Extreme weather conditions can cause flash flooding but seasonal flooding is a common occurrence in certain parts of the province as well.
Often times in the aftermath of a flood homeowners may rush to get back into their home as soon as possible which is understandable but it can be a health and safety hazard.
Here are 8 things that you should do if your home has been flooded.
Use extreme caution when returning to your home. Flood waters can bring debris and cause ground/structural damage making it a safety concern.
If the main power switch to your home was not turned off prior to the flooding - do not re-enter your home until a licensed electrician has determined that it is safe to. No one wants to get electrocuted.
Once inside your home, check for buckled walls or floors, broken glass or dangerous debris. Flooding can cause structural damage that makes it unsafe to be in the home so be extra careful.
Flood water can be contaminated with sewage and other pollutants so if you suspect your drinking/bathing water is affected do not use it. Dealing with the aftermath of a flood is hard enough without being sick on top of it!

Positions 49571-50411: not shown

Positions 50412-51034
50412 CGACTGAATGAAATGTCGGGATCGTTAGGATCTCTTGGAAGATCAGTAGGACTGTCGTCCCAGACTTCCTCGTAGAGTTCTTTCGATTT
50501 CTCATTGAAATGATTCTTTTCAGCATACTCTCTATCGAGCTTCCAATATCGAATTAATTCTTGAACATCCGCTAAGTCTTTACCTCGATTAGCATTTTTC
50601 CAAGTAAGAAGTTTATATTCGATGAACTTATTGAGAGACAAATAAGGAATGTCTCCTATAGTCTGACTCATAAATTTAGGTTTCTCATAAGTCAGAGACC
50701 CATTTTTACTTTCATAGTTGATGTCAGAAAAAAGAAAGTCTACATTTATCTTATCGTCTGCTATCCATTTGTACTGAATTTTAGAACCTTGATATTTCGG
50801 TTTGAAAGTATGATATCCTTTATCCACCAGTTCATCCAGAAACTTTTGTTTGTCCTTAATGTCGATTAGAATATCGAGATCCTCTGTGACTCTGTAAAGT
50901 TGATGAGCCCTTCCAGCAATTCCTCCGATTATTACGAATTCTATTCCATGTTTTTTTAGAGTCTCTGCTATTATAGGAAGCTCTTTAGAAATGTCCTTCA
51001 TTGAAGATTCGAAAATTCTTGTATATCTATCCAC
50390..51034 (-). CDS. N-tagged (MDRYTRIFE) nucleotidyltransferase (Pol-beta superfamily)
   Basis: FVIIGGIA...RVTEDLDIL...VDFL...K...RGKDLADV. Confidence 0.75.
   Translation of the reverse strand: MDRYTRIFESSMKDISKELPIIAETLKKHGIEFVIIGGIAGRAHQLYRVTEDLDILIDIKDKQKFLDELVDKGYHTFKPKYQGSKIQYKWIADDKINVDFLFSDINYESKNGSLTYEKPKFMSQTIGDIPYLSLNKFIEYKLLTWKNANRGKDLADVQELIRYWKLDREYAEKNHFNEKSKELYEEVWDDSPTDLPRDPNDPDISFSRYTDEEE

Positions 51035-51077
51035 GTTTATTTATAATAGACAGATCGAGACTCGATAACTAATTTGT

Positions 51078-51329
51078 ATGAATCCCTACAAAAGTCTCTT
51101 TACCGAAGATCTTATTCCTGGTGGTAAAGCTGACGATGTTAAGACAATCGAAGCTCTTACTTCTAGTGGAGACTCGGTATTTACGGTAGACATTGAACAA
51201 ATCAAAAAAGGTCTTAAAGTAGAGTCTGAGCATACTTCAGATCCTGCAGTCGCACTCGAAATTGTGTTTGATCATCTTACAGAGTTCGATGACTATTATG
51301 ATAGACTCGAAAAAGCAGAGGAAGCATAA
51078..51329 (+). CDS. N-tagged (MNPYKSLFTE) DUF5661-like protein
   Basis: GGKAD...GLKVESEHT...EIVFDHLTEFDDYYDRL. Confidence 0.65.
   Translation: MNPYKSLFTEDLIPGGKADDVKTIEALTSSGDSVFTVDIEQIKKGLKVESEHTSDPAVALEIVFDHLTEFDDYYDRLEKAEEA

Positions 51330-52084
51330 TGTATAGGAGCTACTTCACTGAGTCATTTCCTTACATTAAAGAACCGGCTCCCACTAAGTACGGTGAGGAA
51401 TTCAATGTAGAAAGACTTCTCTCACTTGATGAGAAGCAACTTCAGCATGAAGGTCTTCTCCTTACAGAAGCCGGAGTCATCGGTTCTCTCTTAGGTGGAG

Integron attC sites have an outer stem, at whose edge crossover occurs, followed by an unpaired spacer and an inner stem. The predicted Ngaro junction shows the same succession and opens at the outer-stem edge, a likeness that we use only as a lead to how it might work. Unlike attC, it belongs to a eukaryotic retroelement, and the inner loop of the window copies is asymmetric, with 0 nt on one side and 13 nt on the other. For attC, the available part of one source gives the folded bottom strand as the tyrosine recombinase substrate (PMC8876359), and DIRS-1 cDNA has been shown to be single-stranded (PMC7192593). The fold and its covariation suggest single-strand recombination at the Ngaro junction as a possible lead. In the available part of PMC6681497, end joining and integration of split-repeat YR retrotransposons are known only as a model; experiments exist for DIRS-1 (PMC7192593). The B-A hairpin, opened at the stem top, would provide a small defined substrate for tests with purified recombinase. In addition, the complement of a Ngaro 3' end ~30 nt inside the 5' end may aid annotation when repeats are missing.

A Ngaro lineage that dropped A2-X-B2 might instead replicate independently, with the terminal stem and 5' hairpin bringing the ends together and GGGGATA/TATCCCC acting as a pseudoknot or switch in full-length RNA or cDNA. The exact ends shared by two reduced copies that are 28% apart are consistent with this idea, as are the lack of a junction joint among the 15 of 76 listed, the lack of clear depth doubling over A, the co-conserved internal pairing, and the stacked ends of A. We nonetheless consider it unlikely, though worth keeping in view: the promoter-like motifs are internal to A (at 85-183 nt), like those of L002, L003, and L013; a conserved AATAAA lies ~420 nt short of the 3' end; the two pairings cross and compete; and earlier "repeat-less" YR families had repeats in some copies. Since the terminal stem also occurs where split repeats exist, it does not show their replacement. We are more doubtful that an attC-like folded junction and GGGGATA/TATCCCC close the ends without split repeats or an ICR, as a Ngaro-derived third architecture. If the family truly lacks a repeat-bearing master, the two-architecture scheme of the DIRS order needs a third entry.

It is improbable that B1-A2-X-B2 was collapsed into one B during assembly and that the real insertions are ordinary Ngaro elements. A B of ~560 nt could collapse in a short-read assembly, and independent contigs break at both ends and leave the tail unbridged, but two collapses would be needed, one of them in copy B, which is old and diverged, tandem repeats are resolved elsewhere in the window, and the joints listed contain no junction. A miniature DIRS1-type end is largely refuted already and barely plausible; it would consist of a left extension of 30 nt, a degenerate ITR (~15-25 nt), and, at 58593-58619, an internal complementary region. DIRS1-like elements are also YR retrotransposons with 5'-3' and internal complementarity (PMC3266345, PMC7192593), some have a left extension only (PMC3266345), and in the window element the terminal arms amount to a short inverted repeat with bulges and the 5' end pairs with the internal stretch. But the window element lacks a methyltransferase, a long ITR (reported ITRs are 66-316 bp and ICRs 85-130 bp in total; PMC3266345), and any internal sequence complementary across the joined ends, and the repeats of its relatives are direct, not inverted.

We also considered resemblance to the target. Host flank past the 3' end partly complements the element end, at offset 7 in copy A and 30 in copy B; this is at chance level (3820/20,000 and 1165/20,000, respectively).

Flood damaged items like rugs, clothing, furniture and other belongings will have to be discarded. Check your local regulations on disposal methods.
Have any appliances that were flooded - cleaned, dried and tested by a licensed electrician to ensure they are safe. Appliances that have been flooded can be a shock or fire hazard.
Have the main electrical panel cleaned, dried and tested by a licensed electrician. You don't want to end up like Tim "the tool man" Taylor.
Store any important papers that have been damaged in a freezer to prevent further damage. Place each piece of the document in a ziploc bag and stack them flat in a freezer. This will preserve them until you can determine if replacements are needed, the information needs to be retained or the original document must be kept.